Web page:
James Spaulding: '60s Sideman Extraordinaire


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I think this music in particular will help us get through this mess; I believe in the human race -- black, green, white, there's only one race, the human race.
Born July 30th, 1937, alto saxophonist/flutist James Spaulding spent his formative years in Indianapolis, and moved to Chicago in the latter half of the '50s, appearing on early recordings by the Sun Ra Arkestra. Following a brief return to Indianapolis in 1962, he moved to New York and played with Freddie Hubbard, Randy Weston and Max Roach. His unique, unfettered and lyrical approach quickly became in demand, and he recorded as a sideman for Blue Note on dates with Hubbard, Duke Pearson, Wayne Shorter, Bobby Hutcherson and others on the inside-outside end of the spectrum. His first session as a leader came, surprisingly, in 1976 ( The Legacy of Duke Ellington , Storyville); he has since recorded as a leader for the Muse, High Note and his own Speetones label.

All about Jazz: You were born in 1937 in Indianapolis, right? What was the impetus for your moving to Chicago from Indianapolis (a place that I always considered to have such a strong scene)?

James Spaulding: I was in the Army for three years, so when I got out of the Army in '57, I went back to Indianapolis and there wasn't anything to do, and at this time I'd made up my mind that I was going to play music for the rest of my life. So I had a chance to get myself together with my parents, and when I left for Chicago, I lived with a cousin who took me in and got me a job during the day so I could have a little money in my pocket. I enrolled in school, the Cosmopolitan School of Music, on the GI Bill that I had received. I was pretty fortunate for having that happen, so while I was going to school and working the day job that my cousin had got me, I was able to run into Johnny Griffin's mother at my place of work. I said "you're Johnny Griffin's mother! I want to meet him." I wanted to come to Chicago to meet Johnny Griffin; that was really the motivation. I heard a record of his, Chicago Calling, and I thought I had to meet this guy, right? If I had heard Charlie Parker and I was old enough, I would have said the same thing — I don't care where he is, I'll take a bus! So his mother gave me his number and said I could go see him; he was playing at this place called the Flame in Chicago. So I went over and he was playing so much tenor saxophone, I was sitting there with my mouth open!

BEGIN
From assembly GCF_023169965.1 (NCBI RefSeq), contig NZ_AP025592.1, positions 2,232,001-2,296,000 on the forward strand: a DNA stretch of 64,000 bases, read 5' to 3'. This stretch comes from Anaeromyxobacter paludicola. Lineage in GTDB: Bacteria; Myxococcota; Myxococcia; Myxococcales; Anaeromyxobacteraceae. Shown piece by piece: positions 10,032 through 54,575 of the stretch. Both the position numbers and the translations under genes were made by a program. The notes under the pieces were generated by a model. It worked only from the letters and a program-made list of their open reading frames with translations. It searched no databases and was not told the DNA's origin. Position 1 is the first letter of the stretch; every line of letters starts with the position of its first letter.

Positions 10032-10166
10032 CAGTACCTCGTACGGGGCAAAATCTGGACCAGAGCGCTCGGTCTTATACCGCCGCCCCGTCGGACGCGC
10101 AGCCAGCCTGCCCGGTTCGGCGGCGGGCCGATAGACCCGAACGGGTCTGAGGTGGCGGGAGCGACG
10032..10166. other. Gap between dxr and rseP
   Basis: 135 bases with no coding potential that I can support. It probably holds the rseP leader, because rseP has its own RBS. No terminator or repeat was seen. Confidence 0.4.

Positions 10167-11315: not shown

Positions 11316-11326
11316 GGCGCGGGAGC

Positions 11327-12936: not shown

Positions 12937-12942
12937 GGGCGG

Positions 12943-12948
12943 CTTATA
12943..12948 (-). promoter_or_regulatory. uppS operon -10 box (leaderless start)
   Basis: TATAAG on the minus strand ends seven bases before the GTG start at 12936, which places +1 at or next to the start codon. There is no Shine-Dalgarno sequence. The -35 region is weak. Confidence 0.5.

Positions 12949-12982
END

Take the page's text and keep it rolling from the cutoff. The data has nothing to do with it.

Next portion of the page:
AAJ: Where exactly was that in Chicago?

JS: It was a nightclub — and this is pretty funny — it was a place called the Flame, and it burned down later on [laughing]! I think the owner had a little insurance scam or something; a lot of the clubs started closing down later on, around '57, '58. I was going to school down there and I by chance I ran into Sun Ra and met him, and I rehearsed and recorded with him. Actually my first recording was with Jerry Butler; I wasn't listed on it — it was on the Chess label, I think — that was really my first date, and I took a flute solo as a matter of fact.

AAJ: So were you playing more flute than alto at that point?

JS: Well, that was what the gig required. The guy told me "we need a flautist — can you read?" I was so happy my father taught me to read; he was my music teacher. Once you learn how to read, you can work all the time. You can work in anybody's band, as long as they've got charts and arrangements. I'm so happy I learned to read at home with my parents.